Since the beginning of time, humanity has participated in the funeral. While the way we conduct funerals has changed from culture to culture over the ages, the fact remains that every culture finds a way to remember and honor their dead. Dr. Alan Wolfelt, a nationally recognized grief expert, counselor, and educator, has found that the funeral is more than just a ritual – it is an important part of grieving well and discovering the ability to move forward. But in order to move forward, we need others to walk with us. So, how do funerals help us activate a community of support?
The 6 Needs of Mourning
After talking with thousands of families, Dr. Wolfelt found that an authentic funeral helps meet six essential needs of mourning. He believes these six needs are “the most central to healing in grief. In other words, bereaved people who have these needs met, through their own grief work and through the love and compassion of those around them, are most often able to reconcile their grief and go on to find continued meaning in life and living.”
The six needs are:
- Acknowledging the reality of the death
- Moving toward the pain of loss
- Remembering the person who died
- Developing a new self-identity
- Searching for meaning
- Receiving ongoing support from others
The personalized funeral that encompasses all six of these needs becomes meaningful and healing. It creates a special moment in time that can bring comfort and peace and helps each person start the grief journey on the right foot. Today, let’s explore how funerals help us activate a community of support.
Funerals act as an invitation
In general, we don’t like to feel like we are pushing ourselves on other people. We often shy away from a situation until we’re invited in. The funeral acts as that invitation. It’s a way of saying to others, “Come support me. I welcome your presence and compassion.” By inviting others in, you allow them to become a community of support – offering words of support, sharing stories, listening when you need to talk, and offering practical help while you grieve.
Funerals bring people together
The funeral brings together a wide variety of people in an atmosphere of love and support. At no other time would all of these same people be in one room. They are all present because they knew your loved one and want to pay their respects. Essentially, each person in the room is an opportunity for support. You are all going through the same loss (to varying degrees) and can all share stories and memories that can bring comfort and offer new insights into your loved one’s life.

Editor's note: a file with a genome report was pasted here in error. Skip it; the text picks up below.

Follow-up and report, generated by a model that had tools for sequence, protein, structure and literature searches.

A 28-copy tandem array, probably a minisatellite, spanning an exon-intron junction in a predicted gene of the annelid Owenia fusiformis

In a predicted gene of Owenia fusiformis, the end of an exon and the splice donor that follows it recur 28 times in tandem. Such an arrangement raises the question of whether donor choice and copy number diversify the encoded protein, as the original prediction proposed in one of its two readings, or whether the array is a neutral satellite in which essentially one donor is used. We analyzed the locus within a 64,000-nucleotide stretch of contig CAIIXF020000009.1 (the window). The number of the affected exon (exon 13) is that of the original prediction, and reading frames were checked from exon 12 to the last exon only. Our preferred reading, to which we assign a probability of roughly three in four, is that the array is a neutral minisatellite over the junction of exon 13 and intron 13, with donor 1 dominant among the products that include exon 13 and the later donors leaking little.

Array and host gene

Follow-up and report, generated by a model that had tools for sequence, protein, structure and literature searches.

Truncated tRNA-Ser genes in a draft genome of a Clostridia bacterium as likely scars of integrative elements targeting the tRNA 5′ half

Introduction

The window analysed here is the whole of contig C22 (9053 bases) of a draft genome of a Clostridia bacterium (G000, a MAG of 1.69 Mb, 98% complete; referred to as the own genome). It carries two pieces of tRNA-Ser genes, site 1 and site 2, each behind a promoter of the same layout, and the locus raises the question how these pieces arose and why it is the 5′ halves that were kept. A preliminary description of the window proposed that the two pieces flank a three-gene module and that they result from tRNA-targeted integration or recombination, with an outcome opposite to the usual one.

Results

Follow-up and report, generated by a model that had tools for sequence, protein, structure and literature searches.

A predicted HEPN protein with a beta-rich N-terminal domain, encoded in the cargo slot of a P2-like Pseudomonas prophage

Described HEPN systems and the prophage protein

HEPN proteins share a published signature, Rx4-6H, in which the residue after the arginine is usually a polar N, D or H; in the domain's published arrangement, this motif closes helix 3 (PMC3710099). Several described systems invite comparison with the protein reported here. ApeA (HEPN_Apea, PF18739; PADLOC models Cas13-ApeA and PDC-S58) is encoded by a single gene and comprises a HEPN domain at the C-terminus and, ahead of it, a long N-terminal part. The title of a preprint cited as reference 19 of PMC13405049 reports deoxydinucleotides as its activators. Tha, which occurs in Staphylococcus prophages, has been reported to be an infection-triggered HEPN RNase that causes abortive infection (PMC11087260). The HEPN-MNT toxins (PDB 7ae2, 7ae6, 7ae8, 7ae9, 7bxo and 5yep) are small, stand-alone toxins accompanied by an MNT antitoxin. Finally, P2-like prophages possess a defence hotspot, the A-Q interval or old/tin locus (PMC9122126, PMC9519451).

Funerals provide an opportunity to share memories
A key component of funerals is storytelling. In the eulogy, at the gathering, through photo displays and the tribute video, a story is told. Your loved one’s story. Dr. Wolfelt says that “By sharing your grief outside yourself, healing occurs. Ignoring your grief won’t make it go away; talking about it often makes you feel better. Allow yourself to speak from your heart, not just your head. Doing so doesn’t mean you are losing control or going ‘crazy.’ It is a normal part of your grief journey.” The funeral gives you a prime opportunity to talk about what you’re feeling to people who also know and love the person you’re grieving.
Funerals allow us to express support through action
At funerals, we can speak words of comfort or offer an encouraging hug. We can also send flowers or give other gifts of sympathy and support. For those who attend a funeral to support a living friend who has lost a loved one, the funeral is an opportunity to offer ways to help. “Can I watch the kids for you this week?” “What’s your favorite takeaway restaurant? I want to bring you dinner tonight.” We don’t have to walk through our grief alone. We can let others help us and support us.
Funerals are an important social and traditional event. They give us an opportunity to celebrate, to cry, to remember, to laugh, and to truly honor a loved one’s life. Let’s do it well.
To learn more about how to create a healing and meaningful funeral that will bring comfort and peace, click on the links below: